The company said it has achieved or exceeded most of the targets set out in its mid-term environmental plan, Green Management 2010 (GM2010), introduced in 2006, with the results confirmed through third-party verification.
Sony reduced direct and indirect CO2 emissions across its business sites to 1.53 million tons in fiscal year 2010, far surpassing the original 7 percent target specified in the GM2010 plan. GHG reduction initiatives have included the use of alternative substances in manufacturing, as well as installation of advanced energy systems, optimized by Sony’s in-house energy conservation specialists, at Sony offices and manufacturing sites around the world.
Sony has also hit the following GM2010 targets, all from an FY2000 baseline:
- Waste generation at business sites – 54 percent reduction (target 40 percent)
- Water usage at business sites – 41 percent reduction (target 20 percent)
- Annual electricity consumption of products – achieved 100 percent of targets in each product category. For example, the annual electricity consumption of core “Bravia” LCD TVs fell by about 30 percent between 2008 and 2010, while the annual electricity consumption of Sony’s core “Blu-ray Disc” recorder models fell by about 50 percent during the same period.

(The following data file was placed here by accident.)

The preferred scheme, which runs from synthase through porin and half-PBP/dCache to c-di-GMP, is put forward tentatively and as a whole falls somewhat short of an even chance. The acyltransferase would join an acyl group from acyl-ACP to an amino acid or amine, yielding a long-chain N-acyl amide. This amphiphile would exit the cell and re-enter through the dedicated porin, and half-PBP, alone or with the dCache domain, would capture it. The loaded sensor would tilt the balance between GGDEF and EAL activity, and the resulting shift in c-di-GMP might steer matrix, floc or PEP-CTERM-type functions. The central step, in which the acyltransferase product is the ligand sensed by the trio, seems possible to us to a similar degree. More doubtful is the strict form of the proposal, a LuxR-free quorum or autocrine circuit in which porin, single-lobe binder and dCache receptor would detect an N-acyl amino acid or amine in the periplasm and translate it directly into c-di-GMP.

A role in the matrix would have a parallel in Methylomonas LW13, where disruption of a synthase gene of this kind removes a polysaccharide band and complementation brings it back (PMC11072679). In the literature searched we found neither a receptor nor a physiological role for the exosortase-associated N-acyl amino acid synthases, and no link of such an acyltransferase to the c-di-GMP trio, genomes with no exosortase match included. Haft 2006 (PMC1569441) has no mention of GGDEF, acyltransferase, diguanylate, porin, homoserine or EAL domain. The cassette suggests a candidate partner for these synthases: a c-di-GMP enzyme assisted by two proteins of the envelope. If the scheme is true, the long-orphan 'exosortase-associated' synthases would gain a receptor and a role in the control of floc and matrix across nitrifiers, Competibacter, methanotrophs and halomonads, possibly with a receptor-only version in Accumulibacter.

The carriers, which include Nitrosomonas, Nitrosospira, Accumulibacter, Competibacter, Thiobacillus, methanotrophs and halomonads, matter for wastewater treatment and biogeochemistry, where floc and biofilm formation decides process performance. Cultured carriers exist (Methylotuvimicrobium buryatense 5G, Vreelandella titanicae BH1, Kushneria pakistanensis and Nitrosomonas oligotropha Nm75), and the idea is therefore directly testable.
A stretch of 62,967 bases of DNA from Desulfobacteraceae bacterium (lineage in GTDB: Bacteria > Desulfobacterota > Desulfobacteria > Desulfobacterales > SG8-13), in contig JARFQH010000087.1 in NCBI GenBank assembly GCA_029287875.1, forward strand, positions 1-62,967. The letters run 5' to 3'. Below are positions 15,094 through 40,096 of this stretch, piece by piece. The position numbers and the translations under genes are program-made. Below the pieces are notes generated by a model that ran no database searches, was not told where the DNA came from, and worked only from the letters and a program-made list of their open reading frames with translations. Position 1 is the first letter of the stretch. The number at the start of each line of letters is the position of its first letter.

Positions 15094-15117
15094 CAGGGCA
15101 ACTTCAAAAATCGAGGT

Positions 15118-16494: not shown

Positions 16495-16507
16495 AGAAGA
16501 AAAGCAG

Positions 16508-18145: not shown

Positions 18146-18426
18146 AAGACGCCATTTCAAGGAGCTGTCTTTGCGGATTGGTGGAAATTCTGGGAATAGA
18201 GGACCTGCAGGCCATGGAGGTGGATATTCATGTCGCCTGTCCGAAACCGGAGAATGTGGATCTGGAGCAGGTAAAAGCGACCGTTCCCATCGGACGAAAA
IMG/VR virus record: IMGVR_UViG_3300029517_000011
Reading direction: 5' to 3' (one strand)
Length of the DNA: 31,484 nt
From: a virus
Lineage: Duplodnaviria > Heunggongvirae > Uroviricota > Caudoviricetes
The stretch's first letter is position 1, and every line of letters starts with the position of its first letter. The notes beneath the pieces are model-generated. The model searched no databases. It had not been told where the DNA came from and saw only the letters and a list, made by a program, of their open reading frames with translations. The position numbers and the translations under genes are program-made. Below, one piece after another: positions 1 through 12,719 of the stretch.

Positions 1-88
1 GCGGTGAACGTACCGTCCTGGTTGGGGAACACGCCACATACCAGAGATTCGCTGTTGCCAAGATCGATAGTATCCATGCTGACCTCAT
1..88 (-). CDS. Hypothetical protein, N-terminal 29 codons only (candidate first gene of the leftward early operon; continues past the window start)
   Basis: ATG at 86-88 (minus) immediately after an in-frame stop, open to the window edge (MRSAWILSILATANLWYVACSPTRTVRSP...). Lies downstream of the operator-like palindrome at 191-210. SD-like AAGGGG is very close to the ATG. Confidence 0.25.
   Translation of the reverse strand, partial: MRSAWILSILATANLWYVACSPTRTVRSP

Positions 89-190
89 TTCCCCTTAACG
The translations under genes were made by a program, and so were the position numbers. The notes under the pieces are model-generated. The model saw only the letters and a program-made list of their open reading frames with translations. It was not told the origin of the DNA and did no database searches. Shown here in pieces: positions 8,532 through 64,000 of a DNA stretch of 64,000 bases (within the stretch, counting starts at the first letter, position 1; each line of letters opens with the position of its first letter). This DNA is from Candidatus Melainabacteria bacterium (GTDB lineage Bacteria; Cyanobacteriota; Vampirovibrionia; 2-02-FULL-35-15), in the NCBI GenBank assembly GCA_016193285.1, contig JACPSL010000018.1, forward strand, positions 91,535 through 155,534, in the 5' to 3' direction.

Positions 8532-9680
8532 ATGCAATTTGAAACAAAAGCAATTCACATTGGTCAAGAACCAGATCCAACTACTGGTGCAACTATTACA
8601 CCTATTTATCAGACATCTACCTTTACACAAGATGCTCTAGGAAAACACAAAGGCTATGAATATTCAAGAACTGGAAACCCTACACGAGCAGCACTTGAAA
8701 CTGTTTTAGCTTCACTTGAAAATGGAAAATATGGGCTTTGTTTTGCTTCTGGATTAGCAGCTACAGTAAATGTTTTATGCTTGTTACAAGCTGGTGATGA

- Volatile organic compound (VOC) emissions from business sites – 35 percent reduction (target 40 percent). The company says that seminconductor production is its main operational area that still uses VOCs, and that with such production on the increase, VOCs have been difficult to replace. Sony says it will continue to take steps to reduce VOC emissions, such as installing VOC treatment systems.
In the U.S., Sony Corporation of America, Sony DADC, Sony Electronics and Sony Pictures Entertainment bought more than 143 million kilowatt-hours (kWh) of green power for 2011, enough to meet about 49 percent of their electricity use. Sony is also using on-site solar installations.
In 2010, both Sony Pictures Entertainment and Sony Electronics were awarded Leadership in Energy and Environmental Design (LEED) Gold certifications from the U.S. Green Buildings Council for recently completed construction projects.
Last week, Sony, Dell and Sprint agreed to help the Environmental Protection Agency encourage certified electronics recycling, as the Obama administration unveiled a national strategy to encourage better e-waste management.